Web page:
Sammy, I’ve bought everything on your list!!! I love finding mid-century anything, it just goes so well with modern design. But coming across that kind of furniture or wall and table sculptures is a real steal.
And I can’t tell you how many times I’ve been in the children’s section and found new clothing with the tags on for a fraction of the price. And that goes for maternity wear for moms as well – maternity wear is expensive and you own it for such a short period of time, I recommend going thrifted all the way.
Something I’ve seen in mags that is so awesome for thrifting are mismatched white dishes, stacked on open shelves. The white unifies them, and the different textures add visual appeal. You can’t go wrong with all-white china.
hey Stephanie! I know you have definitely bought everything on my list ;-) I bet you could produce a top 50 list! As for maternity clothes, what a GREAT point. I think it depends on the store. The store (Salvation Army) we shot this article actually didn’t have a maternity clothes section … I think most would break that clothing away from the rest, correct? Or perhaps an expecting mother would shop the Plus Size section, although that is a bit depressing for some so I would never want to suggest it ;-(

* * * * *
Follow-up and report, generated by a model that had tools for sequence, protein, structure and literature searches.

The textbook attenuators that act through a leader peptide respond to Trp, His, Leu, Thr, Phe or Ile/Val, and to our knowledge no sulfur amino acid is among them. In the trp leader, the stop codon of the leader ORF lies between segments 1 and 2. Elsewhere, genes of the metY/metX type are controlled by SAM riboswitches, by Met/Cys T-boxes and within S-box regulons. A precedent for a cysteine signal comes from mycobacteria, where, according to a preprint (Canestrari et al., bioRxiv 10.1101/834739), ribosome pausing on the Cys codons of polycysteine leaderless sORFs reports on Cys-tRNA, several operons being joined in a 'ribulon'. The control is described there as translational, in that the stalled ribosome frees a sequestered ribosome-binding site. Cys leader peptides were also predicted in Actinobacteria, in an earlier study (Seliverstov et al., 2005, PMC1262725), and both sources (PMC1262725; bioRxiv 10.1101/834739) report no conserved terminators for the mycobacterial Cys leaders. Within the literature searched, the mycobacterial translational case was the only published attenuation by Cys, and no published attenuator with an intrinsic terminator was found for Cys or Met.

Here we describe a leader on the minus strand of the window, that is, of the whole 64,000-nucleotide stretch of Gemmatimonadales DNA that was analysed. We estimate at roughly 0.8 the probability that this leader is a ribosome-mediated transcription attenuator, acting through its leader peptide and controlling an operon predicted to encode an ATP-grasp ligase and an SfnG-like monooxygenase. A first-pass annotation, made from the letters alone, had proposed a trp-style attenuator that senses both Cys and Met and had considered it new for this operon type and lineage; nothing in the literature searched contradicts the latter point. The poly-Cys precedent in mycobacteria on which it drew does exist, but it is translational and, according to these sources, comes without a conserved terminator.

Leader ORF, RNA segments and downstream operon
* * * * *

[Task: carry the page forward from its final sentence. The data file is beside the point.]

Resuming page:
Mismatched white dishes …. hmmm … I like the sound of this, almost like the art that can be created with different levels of candle sticks on a table or mismatched mugs with various sayings and photos on them.
Thank you for this very thoughtful comment!
Stephanie, that is a really great point about maternity clothes. Baby clothes are great to find at garage sales as well as thrift stores, and sometimes the moms sell their maternity clothes at those kind of garage sales.